In Look at Me, writer/director Agnes Jaoui and her co-writer and co-star, Jean-Pierre Bacri, have created a complex drama that seems not a minute too long at its nearly two hour running time. They seamlessly interweave the stories of a core group of characters into a perceptive collection of portraits revealing ambition and selfishness–a fascinating group of interrelated people who seem to shift and change with each encounter.
In the opening sequence, Lolita (Marilou Berry), an overweight and insecure young woman, is in a taxi on her way to pick up her father and his young and beautiful trophy wife, Karine (Virginie Desarnauts). The cab driver is as rude and surly as they come and Lolita, after first standing up to him, backs down meekly. But when her father, Etienne Cassard (Bacri), a well-known writer and publisher, gets in the cab, he powerfully tells the driver off, leaving the driver submissive and polite. Etienne starts out seeming like a hero, but in time it becomes clear that he is an insufferably insensitive and overbearing bully who seems not even to like Lolita and is bored by his and Karine’s much younger daughter as well. He cannot abide being other than the center of attention at all times.
Lolita studies voice with Sylvia Miller (Jaoui) who is married to a struggling writer, Pierre (Laurent Grevill). When Sylvia learns that Lolita is Etienne’s daughter, she uses the connection to gain access to Etienne, hoping to advance her husband’s career. The musical angle works well, allowing for Schubert, Monteverdi and Beethoven on the soundtrack, nicely integrated with the story and the mood. But, best of all, Jaoui uses Mozart’s Cos� fan Tutte (as did Mike Nichols in Closer), exquisite music that evokes the complications of relationships between two couples.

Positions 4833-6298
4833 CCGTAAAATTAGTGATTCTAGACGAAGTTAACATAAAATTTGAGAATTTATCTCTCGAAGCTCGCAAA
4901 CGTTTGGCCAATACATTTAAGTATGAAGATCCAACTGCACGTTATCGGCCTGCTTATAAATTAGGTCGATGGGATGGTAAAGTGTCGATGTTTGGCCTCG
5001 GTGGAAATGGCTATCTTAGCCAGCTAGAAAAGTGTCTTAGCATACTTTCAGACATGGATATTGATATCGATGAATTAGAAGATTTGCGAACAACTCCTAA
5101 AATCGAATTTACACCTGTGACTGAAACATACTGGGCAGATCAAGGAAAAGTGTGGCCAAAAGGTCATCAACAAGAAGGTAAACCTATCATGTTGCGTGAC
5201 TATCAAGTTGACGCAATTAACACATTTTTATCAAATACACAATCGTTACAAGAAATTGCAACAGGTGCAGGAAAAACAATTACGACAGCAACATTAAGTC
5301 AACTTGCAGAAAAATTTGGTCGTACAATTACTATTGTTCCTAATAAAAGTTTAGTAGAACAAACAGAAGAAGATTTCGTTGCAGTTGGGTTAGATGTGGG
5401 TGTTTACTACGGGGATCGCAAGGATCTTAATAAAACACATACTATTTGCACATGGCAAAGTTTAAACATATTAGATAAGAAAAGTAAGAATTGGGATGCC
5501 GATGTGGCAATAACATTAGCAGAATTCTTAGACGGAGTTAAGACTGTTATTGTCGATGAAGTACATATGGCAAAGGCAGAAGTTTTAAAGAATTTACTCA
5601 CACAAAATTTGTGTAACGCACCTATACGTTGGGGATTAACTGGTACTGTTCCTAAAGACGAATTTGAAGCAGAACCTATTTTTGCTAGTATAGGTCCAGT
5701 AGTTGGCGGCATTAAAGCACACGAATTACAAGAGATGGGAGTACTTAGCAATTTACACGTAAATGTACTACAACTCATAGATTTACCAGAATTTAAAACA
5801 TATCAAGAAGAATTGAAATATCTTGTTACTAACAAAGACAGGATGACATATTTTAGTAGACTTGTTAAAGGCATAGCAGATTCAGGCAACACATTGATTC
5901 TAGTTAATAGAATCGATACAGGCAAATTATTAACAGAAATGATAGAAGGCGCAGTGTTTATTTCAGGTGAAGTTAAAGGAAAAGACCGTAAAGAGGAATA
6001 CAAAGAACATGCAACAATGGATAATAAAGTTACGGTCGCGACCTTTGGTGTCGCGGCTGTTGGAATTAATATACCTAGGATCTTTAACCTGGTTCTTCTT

Lolita meets a young man, Sebastien (Keine Bouhiza) who is attracted to her ("I don’t like skinny women!"). While she feels like an outcast because of her weight (and her emotionally absent father), Sebastien, too, feels like an outsider because of his Muslim origins. Real affection seems to grow between them, but Lolita is so wrapped up in her own insecurities (and her ultimately annoying self-pity) that she cannot believe anyone is caring for her without an ulterior motive.
In the tradition of French character-based and dialogue-rich films (Rohmer, Chabrol), Look at Me gets under the skin of these varied individuals and reveals them in rich complexity and highly individuated quirkiness. Intelligently written and acted with conviction, the film coolly observes contemporary mores through the varied behaviors of its unhappy characters. But Jaoui also provides wit for comic relief and, without ever slipping into sentimentality, she allows for at least a touch of hope with a romantic conclusion.